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No Mast Kalandar
Published by Anand Ramanathan, Ashraf N.V.K and Vivek Menon, 01 Mar 2004
The beginning to the end of dancing with bears - An Occasional Report of Wild Rescue Programme
No Mast Kalandar addresses the problem of ‘dancing’ sloth bears in India. More than a thousand sloth bears in captivity were engaged in this cruel tradition of ‘bear dancing’ for several years before the practice was outlawed. With the prohibition, large numbers of surrendered bears needed to be accomodated in lifetime care facilities. Releasing them back in the wild was not an option as having spent years in captivity in contact with humans, they were considered unsuitable for release, It was not possible to accommodate these displaced bears in zoos either. Ultimately a ‘wild within walls’ life time care facility project was conceived and developed in Bannerghatta Biological Park (BBP), Karnataka, by the Wildlife Trust of India, International Fund for Animal Welfare, Karnataka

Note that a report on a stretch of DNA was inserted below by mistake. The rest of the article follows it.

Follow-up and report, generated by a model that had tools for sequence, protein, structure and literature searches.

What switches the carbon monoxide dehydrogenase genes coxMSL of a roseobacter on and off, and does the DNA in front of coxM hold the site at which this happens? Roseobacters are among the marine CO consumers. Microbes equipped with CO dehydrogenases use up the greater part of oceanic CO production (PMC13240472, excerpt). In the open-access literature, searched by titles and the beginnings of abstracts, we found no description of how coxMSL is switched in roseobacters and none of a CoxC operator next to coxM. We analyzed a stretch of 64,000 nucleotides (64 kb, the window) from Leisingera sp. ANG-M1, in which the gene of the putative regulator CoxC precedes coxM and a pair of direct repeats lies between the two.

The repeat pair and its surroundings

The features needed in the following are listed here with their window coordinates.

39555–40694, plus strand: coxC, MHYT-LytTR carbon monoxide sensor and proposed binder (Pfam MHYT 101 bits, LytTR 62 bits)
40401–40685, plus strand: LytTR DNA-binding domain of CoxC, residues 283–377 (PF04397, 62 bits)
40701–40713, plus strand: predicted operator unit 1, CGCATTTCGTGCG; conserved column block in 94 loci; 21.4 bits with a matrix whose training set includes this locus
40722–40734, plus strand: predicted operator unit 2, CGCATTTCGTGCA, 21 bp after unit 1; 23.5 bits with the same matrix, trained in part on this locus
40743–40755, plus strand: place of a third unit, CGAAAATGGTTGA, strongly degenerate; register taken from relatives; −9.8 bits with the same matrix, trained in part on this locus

Forest Department and Zoo Authority of Karnataka with additional support from Ministry of Social Welfare & Empowerment and Central Zoo Authority, Government of India. The site chosen was a 100 sq km mixed deciduous forest near Bannerghatta National Park. The Bannerhatta Biological Park is well known for its safari exhibits using tigers and lions. The park has wilderness areas with a suitable vegetation with many fruiting trees and anthills. A large, free–ranging area of about 35 acres was cordoned off mostly by a moat, and night  enclosures for the bears and accommodation built inside this for the keepers. The keepers were specially chosen from among the Kalandar people to offer them an alternative livelihood while at the same time utilising their traditional skills of hand-rearing and managing sloth bears.

The project space was designed to allow visitors to see sloth bears in their natural environment without allowing the visits to be intrusive. It was expected that this exposure to bears in their natural environment would help change public attitude by sensitizing people and making them aware of the pain and torture of bear dancing, encouraging conservation and welfare of the sloth bears.
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